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Associated Press
An Egyptian camel rider waits for tourists as he passes by the Pyramids in Giza.

LUXOR, Egypt — The setting is already surreal: a warm breeze wafting off the Nile, a muezzin's call to prayer, and a full moon glinting against a giant stone visage of Ramses II, the most powerful pharaoh in Egyptian history.

At the same moment, U.S. warplanes bomb neighboring Libya, and most tourists are dismissing Egypt as a no-fly zone.

But not Mary and Pierre Combal. After being on "pins and needles" about the status of the trip they'd booked before Egyptian protesters ousted President Hosni Mubarak from power in mid-February, the Scarsdale, N.Y., couple are here despite a U.S. State Department travel warning — and couldn't be happier about it.

"One of my colleagues told me, 'I hope you come back,' " says Mary Combal, one of a handful of awestruck spectators ambling among the Luxor Temple's 3,500-year-old pillars. "But I feel strongly about supporting Egypt, and this is a magical time to be here."

Two months after the revolution that ended Mubarak's 30-year stranglehold, Luxor and other Egyptian cities remain eerily bereft of the 15 million annual visitors who contribute 11 percent of its gross domestic product.

U.S. tour companies are resuming their operations here, several floating discounts of up to 50 percent, and last week the State Department eased its warning to remove a recommendation that Americans defer nonessential travel. Other countries have lifted advisories as well. But by many accounts, tourism is down by 75 percent to 90 percent — still better than February, when foreigners made a mass rush for the exits.

Freedom and food

During the peak winter season, 300 vessels typically jostle for space on the 125-mile stretch of the Nile between Luxor and Aswan. Now, the few ships back in service ply the river like apparitions, their deck chairs and hot tubs all but deserted.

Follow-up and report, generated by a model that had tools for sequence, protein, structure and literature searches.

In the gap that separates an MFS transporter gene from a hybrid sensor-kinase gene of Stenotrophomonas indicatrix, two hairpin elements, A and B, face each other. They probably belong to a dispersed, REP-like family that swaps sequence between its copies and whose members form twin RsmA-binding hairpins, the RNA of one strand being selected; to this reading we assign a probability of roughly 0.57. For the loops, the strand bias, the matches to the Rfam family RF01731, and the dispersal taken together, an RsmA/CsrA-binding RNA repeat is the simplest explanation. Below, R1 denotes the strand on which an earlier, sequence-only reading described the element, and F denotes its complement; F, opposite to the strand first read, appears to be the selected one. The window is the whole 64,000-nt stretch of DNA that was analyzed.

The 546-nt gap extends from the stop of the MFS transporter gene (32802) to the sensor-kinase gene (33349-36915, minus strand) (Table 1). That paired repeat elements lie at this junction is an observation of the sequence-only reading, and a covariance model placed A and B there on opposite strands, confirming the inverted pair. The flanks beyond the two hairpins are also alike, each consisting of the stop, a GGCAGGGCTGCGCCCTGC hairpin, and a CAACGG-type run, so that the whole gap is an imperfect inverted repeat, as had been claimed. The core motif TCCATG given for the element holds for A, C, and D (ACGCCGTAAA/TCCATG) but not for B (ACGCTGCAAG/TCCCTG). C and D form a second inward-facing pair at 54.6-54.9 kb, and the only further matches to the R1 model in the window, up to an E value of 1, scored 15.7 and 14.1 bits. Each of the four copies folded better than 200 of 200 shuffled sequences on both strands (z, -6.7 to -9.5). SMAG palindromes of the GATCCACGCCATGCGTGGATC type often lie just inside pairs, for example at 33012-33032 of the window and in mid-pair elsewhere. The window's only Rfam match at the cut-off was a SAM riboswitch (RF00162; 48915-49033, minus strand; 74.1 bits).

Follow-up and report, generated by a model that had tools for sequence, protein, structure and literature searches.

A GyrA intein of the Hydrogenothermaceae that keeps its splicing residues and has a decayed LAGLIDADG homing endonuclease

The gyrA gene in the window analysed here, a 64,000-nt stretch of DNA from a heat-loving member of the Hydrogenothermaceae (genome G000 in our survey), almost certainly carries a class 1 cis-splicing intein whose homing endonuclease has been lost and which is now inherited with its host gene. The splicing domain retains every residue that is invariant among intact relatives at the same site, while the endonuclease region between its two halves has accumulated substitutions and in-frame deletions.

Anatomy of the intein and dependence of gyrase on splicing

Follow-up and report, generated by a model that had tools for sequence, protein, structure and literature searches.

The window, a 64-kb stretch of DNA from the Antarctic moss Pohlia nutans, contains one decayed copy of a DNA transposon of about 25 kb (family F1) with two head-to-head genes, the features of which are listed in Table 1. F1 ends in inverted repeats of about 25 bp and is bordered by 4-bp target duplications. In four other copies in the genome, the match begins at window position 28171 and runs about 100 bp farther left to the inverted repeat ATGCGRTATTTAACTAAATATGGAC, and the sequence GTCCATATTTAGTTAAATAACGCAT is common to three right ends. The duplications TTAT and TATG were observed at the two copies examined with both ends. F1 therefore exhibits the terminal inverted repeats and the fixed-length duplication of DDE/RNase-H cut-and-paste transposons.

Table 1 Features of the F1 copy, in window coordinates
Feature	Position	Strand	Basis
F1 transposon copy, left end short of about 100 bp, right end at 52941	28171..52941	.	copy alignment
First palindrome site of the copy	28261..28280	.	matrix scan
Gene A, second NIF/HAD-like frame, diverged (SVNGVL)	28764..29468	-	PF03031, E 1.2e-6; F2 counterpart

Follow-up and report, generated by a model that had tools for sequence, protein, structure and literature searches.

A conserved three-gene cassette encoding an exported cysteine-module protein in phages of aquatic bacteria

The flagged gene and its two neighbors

Across the Nile from Luxor, a pair of visitors mug for a camera at a nearly empty entrance ramp to the mortuary temple of Queen Hatshepsut — evoking comparisons to 1997, the year terrorists killed 58 foreign tourists at this site and sparked a similar (but relatively short-lived) plunge in international arrivals.

In the serene southern town of Aswan, an ancient crossroads for African caravans, shopkeeper Hassan Eldesokey leans disconsolately against a window that reads "No Hassle Free; Hassle 5 Pounds Extra." He spent last month in front of a TV set, transfixed by the upheavals in Cairo and elsewhere, and isn't doing much bargaining these days.

No matter: Before the revolution, Eldesokey says, those who crossed government authority "were taken to a place behind the sun." Now, despite the fact that his official teaching salary of $100 a month must feed four children, "money is not everything," he insists, just before launching into a spirited pitch for a purchase of jasmine perfume.

"Freedom," he says, "is more important than food."

A horse-and-carriage driver in Edfu, another popular cruise stop along the Nile, isn't so sure. When asked whether he thinks life will be better post-Mubarak, Ahmed Mohamed frowns and points to his skin-and-bones steed, Rambo.

"With no tourists," he says, "we are desperate."